Had the Water Rate Corruption Scandal been taken to the Mountain Views News or the Sierra Madre Weekly, would either of those publications have revealed any of that to their readers? Likely not. Their economic and personal ties to certain members of the City Council and Staff would have led them to either smother the story entirely, or launch printed attacks on the story's messengers.
To suggest that 80% of Sierra Madre's City Council, along with many members of a City Staff that we support with our taxes but do not work for us, deliberately ginned up the rusty pipes canard so that they could get their hands on more ratepayer money, is quite a charge. And that they did so to further an agenda at odds with what most people living in this town want for themselves and their children, is also a rather bold thing to suggest. But it had to be told, and it took a blog to do it.
Whenever I get tired of writing this blog (and believe me, I occasionally do), I remind myself of the responsibility I took on when starting this. Who else is going to cover the real news of Sierra Madre if not this blog? Who will get out the stories that the many people who contribute information here want their friends and neighbors to know about? To allow "the message" of the Mountain Views News or Sierra Madre Weekly to once again be all that is available to the people of this town is frankly unthinkable.
So we press on. And let me tell you something, over the next few months it could get wild. There are people holding positions of authority in this city who know that they could be in significant trouble, and will strike back in the only ways they know how. If you thought the G4's 2010 election strategies were special, strap yourself in. Things could get very strange.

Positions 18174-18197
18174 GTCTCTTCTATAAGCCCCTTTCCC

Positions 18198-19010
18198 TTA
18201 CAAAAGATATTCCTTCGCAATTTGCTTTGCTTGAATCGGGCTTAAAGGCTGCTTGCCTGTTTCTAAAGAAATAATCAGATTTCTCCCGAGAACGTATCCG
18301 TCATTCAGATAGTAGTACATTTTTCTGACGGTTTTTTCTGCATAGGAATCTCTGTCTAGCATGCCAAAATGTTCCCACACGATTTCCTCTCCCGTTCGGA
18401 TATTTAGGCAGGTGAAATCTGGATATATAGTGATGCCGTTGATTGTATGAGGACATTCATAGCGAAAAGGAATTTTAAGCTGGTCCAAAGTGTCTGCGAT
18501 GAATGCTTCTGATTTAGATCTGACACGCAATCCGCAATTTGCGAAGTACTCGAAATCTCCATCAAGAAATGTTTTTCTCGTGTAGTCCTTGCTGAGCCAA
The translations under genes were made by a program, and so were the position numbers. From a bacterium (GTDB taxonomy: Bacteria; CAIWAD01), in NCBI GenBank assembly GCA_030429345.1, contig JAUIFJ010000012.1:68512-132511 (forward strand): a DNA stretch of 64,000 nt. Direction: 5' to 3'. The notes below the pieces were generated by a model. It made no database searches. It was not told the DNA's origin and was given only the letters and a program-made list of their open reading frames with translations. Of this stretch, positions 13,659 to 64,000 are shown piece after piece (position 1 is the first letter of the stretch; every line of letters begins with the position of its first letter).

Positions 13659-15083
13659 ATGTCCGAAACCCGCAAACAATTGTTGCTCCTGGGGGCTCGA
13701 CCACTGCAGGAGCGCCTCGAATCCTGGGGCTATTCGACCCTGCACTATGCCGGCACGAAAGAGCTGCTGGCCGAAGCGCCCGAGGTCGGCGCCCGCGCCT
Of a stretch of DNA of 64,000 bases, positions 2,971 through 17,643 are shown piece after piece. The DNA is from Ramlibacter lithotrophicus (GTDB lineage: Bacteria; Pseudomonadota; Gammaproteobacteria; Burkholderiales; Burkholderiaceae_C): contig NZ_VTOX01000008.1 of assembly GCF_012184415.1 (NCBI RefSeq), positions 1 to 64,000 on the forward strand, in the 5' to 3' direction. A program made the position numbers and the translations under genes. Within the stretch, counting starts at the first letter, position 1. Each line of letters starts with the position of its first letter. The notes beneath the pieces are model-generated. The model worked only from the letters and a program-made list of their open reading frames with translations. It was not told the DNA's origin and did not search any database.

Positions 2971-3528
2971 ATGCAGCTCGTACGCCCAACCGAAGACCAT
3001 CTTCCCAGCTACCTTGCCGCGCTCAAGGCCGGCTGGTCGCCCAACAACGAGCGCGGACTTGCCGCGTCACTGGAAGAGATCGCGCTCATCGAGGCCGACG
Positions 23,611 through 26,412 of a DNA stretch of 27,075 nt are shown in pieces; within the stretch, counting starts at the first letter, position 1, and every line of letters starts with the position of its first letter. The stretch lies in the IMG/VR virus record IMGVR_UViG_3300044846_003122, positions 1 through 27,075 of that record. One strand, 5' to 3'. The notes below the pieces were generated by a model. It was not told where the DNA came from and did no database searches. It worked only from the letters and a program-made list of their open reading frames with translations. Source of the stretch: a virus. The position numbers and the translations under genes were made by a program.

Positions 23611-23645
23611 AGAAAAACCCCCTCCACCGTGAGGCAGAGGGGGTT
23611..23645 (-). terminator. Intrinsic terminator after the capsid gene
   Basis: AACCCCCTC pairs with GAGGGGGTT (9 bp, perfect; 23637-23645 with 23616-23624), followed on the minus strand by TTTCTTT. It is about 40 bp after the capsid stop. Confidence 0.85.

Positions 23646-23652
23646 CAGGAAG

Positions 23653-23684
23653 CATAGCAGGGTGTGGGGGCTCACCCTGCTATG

California's Green Jihad
Speaking of bloggers who say the things others only think about (if that), our hats are off to Joel Kotkin and his New Geography blog. We have happily linked to it for a couple of years now, and our admiration for his efforts continues to grow.
While Kotkin's observations will likely never get the kind of exposure that Andrew Breitbart's revelations about Congressman Weiner have been getting, his latest article, California's Green Jihad, has been getting around a bit. In Forbes Magazine for one, but also on internet planner and government policy sites. A few of which have been unkind.
How you will view this article depends on where you stand on things like SB 375, the "force inner city high density concrete sprawl on the suburbs" law. Or, if you prefer, the "lower California's standard of living" law. The one that enforces Sacramento's desire that you move out of your home, relocate to a high density rat's warren someplace, lose the car and take the bus to get there. All in the name of saving the world, of course.
Freedom of choice, or just your freedom in general, be damned.